The beat goes on, and Herbie Mann gets plenty darn groovy – serving up these short, soulful tunes that really pack a sweet little punch – thanks in part to some excellent work on vibes by the young Roy Ayers! Ayers' rings out next to Herbie's flute in a very cool way – almost Latin, but a bit groovier overall, with some echoes of bossa and 60s soundtrack jazz – all mixed with deeper soul currents that are very much in the best 60s jazz spirit of Atlantic Records! Jimmy Wisner handles the arrangements, and also plays some mean piano. Titles include Dave Pike's "Dream Garden", which was arranged by Pike himself – plus Herbie Mann's "West African High Life", and Herbie Hancock's "Hey Ho" – as well as the cuts "No Matter What Shape", "More Rice Than Peas, Please", "Soul Montuno", and "The Beat Goes On".
One of the most inventive albums we've ever heard from trombonist Herbie Harper – and that's saying a lot, given some of his other records! The group's an unusual one – with some key members that are likely – Jimmy Giuffre on tenor and baritone, Charlie Mariano on alto, and Jimmy Rowles on piano – mixed with other more compelling choices, such as Corky Hale on harp and Paul Sarmento on tuba – both instruments that really expand the sonic range of the session, in ways you might not expect to work this well!
The follow-up to the breakthrough Headhunters album was virtually as good as its wildly successful predecessor: an earthy, funky, yet often harmonically and rhythmically sophisticated tour de force. There is only one change in the Headhunters lineup – swapping drummer Harvey Mason for Mike Clark – and the switch results in grooves that are even more complex. Hancock continues to reach into the rapidly changing high-tech world for new sounds, most notably the metallic sheen of the then-new ARP string synthesizer which was already becoming a staple item on pop and jazz-rock records. Again, there are only four long tracks, three of which ("Palm Grease," "Actual Proof," "Spank-A-Lee") concentrate on the funk, with plenty of Hancock's wah-wah clavinet, synthesizer textures and effects, and electric piano ruminations that still venture beyond the outer limits of post-bop.
Dr. Laxminarayana is renowened violinist and the father of three outstanding violin players namely Dr. L. Subramaniam, L. Shankar and L. Vaidyanathan. This music of this album is recorded in Dr. Laxminarayana Global Music Festival conduced in various countries from 1992 to 2000. The performances included in this album ranges from World Fusion to Roots and Folk to Western Classical & Indian Classical. Along with Dr. L. Subramaniam, Some stellar musicians have been participated in this festival including Herbie Hancock, Jean-Pierre Rampal, Jie-Bing Chen etc. Enjoy.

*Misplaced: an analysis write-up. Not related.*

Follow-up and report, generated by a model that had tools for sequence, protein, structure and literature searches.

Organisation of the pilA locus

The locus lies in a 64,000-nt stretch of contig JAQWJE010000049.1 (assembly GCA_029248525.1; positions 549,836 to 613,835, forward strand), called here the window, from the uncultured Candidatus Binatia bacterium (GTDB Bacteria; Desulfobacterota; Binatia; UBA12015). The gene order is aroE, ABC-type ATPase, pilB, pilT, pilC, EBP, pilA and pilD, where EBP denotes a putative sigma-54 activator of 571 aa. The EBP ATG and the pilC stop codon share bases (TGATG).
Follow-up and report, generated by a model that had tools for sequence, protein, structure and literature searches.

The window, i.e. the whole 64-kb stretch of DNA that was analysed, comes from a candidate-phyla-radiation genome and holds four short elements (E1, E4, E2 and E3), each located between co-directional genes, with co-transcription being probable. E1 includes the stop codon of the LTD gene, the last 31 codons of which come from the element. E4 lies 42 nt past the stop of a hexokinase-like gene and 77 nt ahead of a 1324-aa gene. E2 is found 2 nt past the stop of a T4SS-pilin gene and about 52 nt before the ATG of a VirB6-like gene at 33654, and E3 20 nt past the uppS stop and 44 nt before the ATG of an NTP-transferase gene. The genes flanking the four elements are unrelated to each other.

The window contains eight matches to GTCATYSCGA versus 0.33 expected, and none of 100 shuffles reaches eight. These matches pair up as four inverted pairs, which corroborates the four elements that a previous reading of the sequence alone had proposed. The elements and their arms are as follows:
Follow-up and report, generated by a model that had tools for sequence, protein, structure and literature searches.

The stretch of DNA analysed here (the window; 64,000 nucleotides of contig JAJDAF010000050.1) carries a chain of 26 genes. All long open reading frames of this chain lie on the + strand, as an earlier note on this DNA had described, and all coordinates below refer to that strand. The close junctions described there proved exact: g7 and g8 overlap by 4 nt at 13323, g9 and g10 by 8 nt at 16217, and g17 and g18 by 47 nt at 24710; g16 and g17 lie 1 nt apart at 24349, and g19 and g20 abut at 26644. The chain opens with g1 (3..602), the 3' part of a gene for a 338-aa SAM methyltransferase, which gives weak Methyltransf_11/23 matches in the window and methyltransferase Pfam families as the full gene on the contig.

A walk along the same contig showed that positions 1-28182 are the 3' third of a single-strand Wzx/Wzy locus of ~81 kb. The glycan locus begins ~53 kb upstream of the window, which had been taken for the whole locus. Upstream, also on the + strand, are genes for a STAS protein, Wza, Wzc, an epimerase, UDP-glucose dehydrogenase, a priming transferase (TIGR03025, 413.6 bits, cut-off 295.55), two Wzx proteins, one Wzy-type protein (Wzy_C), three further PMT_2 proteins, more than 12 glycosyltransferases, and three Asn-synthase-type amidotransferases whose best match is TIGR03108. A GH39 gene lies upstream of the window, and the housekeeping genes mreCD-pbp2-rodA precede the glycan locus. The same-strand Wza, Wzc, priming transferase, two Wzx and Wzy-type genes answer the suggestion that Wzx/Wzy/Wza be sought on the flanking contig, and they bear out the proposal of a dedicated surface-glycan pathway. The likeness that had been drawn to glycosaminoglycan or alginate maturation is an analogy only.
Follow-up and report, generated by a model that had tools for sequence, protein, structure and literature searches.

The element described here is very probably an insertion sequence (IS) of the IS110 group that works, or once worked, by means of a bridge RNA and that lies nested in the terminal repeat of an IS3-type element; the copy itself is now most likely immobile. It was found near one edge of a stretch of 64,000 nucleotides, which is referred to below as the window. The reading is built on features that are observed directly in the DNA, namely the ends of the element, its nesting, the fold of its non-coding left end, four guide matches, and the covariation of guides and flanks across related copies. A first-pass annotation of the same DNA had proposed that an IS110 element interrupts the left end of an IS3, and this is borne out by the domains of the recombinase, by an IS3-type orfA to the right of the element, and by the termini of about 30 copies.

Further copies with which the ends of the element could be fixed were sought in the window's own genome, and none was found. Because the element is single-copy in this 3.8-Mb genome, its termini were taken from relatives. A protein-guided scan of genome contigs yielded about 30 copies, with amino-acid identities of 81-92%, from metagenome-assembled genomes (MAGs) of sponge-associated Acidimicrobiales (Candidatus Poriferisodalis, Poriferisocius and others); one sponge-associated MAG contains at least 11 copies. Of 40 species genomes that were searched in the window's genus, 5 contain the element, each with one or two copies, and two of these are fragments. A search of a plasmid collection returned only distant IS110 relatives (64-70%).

Oscar Peterson - Remastered Anniversary Edition: Reissue of the nine celebrated MPS studio albums, recorded in Germany in the 1970s. Accompanying Oscar Peterson's 80th birthday on August 15, 2005. For the first time reissued with original cover artwork and original liner notes. Featuring new liner notes by Dr. Richard Palmer, co-author of the Oscar Peterson autobiography My Jazz Odyssey. New 192kHz/24-bit remastering, supervised by original album producer Hans Georg Brunner-Schwer.
This split LP pairs a sextet led by multi-instrumentalist Sahib Shihab with another under the direction of Herbie Mann. Big names all the way around on this one. On the Shihab session, John Jenkins and Clifford Jordan round out the front line, while Hank Jones, Addison Farmer, and Dannie Richmond hold down the rhythm. Mann, on the other hand, is joined by Phil Woods, Eddie Costa, Joe Puma, Wilbur Ware, and Jerry Segal. Nothing overly surprising here, but one can expect quality performances by all.